Monday, 30th October 2017

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The alarming state of women's health care in India

The roots of apathy towards the health of Indian women run deep and are often invisible

  • Published 31.01.19, 9:12 AM
  • Updated 31.01.19, 9:12 AM
  • 2 mins read
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The National Health Profile, 2018 shows that in West Bengal 71.9 per cent pregnant women do not have access to iron and folic acid tablets, and only 21. 8 per cent expectant mothers get full antenatal care (Shutterstock)

The National Health Profile, 2018 has thrown up some worrying figures about women’s reproductive health, especially in West Bengal. It shows that 71.9 per cent pregnant women in the state do not have access to iron and folic acid tablets. Further, only 21. 8 per cent expectant mothers get full antenatal care. Statistics from other states are as alarming. In Bihar, 96.7 per cent women do not get full antenatal care and in Uttar Pradesh, the figure is a dismal 94.1 per cent. Improper implementation of policies and lax monitoring on the part of states, the report suggests, are the primary causes of such neglect. Most welfare measures in India are stymied by problems and this must be remedied. But the roots of apathy towards the health of Indian women run deeper and are often invisible. In honour of iniquitous customs, women in traditional set-ups are expected to eat only after the rest of the family has eaten. The leftovers they consume are devoid of nutrient-rich food, which could increase iron levels in the blood. Significantly, a recent experiment in Rajasthan found that malnutrition levels in women and children fell when they ate along with the family. Then, there is the spectre of shame associated with women’s health. Menstruation — a time when women are most susceptible to iron loss — is one instance when stigma prevents women from voicing problems and seeking help. Worse, the practice of segregating menstruating women is not limited to Nepal: Tamil Nadu, reportedly, has witnessed such transgressions. The prevalence of such exclusionary practices is behind the high burden of anaemia — iron deficiency being the main cause — among Indian women. Anaemia, in turn, leads to high infant and maternal mortality rates, and malnourishment among children.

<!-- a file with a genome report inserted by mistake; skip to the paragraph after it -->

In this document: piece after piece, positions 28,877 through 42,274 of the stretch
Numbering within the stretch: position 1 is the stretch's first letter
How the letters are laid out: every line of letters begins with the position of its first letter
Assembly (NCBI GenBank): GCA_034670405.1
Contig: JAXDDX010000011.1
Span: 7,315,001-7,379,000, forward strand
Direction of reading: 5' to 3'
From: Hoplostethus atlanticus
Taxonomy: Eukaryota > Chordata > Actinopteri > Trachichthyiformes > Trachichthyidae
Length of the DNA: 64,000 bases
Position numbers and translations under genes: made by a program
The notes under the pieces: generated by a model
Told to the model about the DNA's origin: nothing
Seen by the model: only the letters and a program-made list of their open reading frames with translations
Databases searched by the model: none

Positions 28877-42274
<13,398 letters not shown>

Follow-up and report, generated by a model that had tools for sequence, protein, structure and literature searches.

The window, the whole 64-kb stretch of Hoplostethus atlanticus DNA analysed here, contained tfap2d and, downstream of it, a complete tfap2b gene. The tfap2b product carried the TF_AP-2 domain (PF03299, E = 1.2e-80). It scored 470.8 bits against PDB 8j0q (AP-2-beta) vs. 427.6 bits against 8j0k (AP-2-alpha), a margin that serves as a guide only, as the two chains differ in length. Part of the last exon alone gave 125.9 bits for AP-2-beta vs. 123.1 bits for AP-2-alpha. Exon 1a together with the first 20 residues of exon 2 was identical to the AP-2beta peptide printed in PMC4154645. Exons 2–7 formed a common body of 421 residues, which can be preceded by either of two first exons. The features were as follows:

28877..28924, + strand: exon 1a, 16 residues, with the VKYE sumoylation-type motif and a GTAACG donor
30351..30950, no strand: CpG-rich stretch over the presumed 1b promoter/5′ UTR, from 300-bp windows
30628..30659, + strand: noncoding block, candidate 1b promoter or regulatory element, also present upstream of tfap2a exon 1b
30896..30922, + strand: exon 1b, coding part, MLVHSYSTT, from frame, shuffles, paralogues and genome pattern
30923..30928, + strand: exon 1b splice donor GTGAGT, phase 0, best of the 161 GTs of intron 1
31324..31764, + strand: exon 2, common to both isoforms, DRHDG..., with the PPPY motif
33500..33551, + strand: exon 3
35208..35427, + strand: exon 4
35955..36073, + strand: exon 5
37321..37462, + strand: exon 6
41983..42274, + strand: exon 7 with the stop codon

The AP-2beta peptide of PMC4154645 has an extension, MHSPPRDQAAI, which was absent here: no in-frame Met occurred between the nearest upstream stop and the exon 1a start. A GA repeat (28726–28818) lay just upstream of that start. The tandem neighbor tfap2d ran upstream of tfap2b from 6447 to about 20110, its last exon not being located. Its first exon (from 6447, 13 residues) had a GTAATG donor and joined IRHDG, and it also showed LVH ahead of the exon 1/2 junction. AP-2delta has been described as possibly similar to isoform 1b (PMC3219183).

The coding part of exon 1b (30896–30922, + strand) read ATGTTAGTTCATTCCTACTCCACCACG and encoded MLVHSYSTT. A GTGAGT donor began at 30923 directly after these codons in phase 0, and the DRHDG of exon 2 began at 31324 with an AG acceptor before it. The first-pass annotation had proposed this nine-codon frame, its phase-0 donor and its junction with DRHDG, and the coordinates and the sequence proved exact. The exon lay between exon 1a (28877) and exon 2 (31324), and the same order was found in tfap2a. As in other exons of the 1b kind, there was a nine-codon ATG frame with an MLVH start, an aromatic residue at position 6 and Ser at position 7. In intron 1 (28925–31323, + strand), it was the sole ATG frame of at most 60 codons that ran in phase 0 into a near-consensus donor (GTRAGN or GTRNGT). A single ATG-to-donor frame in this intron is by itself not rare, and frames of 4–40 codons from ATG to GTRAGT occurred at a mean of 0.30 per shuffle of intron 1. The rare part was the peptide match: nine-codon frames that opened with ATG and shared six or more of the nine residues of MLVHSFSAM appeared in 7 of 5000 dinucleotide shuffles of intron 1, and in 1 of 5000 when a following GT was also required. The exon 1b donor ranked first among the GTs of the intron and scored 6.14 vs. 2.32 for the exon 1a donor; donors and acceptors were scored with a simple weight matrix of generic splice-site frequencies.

Cultural practices and institutional indifference are not the only obstacles that need to be overcome. A dietary imbalance is discernible in India. The prioritization of rice and wheat in the public distribution system and, arguably, scientific research has edged out indigenous food items like millet that are packed with iron. Survey shows that between 1983 and 2011, changing dietary patterns reduced iron intake in India by 21 per cent in rural areas. In urban India, the figure was 11 per cent. Introduction of nutrient-rich coarse cereals in the PDS could perhaps be an efficient intervention in the fight against anaemia, given that some 85 per cent households depend on it for sustenance.

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